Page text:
Friday, April 10, 2009

The living room & the barefoot contessa (w/spoilers)

I'm going to post here from now on--however long that lasts. This is the blog where I feel comfortable and in my own voice more often than not. DoC is my living room.

Slippers on,
because I am
suburban even in the city.

Today I reread Suzanne's wonderful prose. Great wit. I love it. And I should be writing to her right now, or following up on some research about my mom's benefits, or talking with my mom on the phone, or reading more of Michelle's work, which is a pleasure, or I should be writing a new post for Shock Room before its loyal readers give up...

There are so many things I ought to be doing. Learning Spanish. Exercising.

So what am I doing watching The Barefoot Contessa on TCM?

It is love. Love makes me forget myself, you see. And how can anyone look at Ava Gardner in all her splendor in 1954, and not fall in love?

In fact 1954 itself is a glorious moment on screen. The cars are American and swanky as hell. The men and women smoke like grownups and wear fur pelts for glamour. Gardner has a dreadful, half-invested accent, but it only enhances one's awareness of her profound beauty.

Rossano Brazzi delights me with his contempt for the English language. How famous was he, with South Pacific, and that Katherine Hepburn movie about the woman on holiday in Venice, and wasn't he the sexy European dude in that girls-like-to-travel-too film Three Coins in a Fountain? So Hollywood producers must have put a lot of pressure on him. Yet his English never improved--because it didn't have to. He was that handsome.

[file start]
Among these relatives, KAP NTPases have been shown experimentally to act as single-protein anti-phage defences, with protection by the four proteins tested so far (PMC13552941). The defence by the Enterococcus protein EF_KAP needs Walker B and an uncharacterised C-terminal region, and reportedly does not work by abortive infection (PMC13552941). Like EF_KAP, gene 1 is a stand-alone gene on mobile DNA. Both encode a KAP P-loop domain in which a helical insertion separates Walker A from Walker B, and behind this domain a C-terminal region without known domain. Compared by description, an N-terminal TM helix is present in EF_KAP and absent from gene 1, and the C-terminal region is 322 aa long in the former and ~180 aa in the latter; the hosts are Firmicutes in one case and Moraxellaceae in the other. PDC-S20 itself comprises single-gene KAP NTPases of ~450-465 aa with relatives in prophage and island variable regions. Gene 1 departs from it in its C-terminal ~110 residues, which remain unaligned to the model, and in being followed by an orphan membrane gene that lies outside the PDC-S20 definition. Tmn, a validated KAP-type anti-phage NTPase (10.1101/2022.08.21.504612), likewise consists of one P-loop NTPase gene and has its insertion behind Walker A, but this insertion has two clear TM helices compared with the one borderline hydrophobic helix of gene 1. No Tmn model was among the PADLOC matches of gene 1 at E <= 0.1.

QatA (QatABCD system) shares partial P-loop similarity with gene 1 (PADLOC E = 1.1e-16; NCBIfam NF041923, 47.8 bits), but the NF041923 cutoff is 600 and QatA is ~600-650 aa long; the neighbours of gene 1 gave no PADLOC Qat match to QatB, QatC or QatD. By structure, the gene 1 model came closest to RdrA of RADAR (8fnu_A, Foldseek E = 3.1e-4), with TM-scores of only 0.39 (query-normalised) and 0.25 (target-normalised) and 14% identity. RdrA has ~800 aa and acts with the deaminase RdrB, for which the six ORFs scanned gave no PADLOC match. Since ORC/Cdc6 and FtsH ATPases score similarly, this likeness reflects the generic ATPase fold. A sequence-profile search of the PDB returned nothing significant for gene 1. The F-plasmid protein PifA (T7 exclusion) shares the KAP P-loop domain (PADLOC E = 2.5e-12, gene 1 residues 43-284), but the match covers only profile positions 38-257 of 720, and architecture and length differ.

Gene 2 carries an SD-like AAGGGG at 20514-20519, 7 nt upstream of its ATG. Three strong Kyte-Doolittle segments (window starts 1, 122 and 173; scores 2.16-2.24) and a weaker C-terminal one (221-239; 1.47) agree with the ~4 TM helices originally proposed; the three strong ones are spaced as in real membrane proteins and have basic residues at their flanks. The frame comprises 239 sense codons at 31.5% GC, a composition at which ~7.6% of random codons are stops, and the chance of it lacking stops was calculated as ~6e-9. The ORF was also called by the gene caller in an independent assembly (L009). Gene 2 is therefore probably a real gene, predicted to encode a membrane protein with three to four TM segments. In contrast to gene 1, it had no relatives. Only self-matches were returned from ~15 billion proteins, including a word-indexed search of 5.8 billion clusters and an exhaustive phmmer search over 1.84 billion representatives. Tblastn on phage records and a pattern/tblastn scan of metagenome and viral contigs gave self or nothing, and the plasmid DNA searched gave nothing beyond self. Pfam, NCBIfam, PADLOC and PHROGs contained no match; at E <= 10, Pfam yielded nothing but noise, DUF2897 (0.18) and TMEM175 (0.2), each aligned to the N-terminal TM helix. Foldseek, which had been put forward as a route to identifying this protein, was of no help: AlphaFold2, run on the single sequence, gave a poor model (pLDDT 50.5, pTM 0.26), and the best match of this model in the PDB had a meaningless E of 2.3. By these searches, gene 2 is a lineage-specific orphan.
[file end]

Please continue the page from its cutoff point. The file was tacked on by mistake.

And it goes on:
The film is preposterous and awful, with maudlin, instructive and too wise narration. But the Technicolor is astonishing, thick and saturated. Watching the palette shift from one static, talkity-talk scene to the next, I feel medicated by the cobalt and dove gray, the emerald and scarlet, the charcoal suits of the men setting off the satin drapery of Gardner's gowns.

It's a crazy-assed Hollywood story about a woman who is discovered and who becomes an internationally recognized movie star, but who retains her true nature--which is miraculously pure and real...

See, she marries well and she ends up being a contessa. But she likes to be barefoot. She's so real.

Humphrey Bogart looks like he's counting the money in his wallet between scenes.

"I hate shoes." -- The Barefoot Contessa

Oh dear. Brazzi has a monologue. It's faux philosophy. Violin music is playing. Brazzi says read this medical document, and since it's in Italian he tells the Contessa that it says, basically, he was injured in the war. Injured a lot. In fact, this honeymoon thing isn't going to work.


But guess what? The Contessa is telling Bogart she got pregnant by somebody who works for her, and she's keeping the baby. Wow, this contessa is a complicated gal.

This movie must be four hours long.

Bang! Bang!

Not telling.

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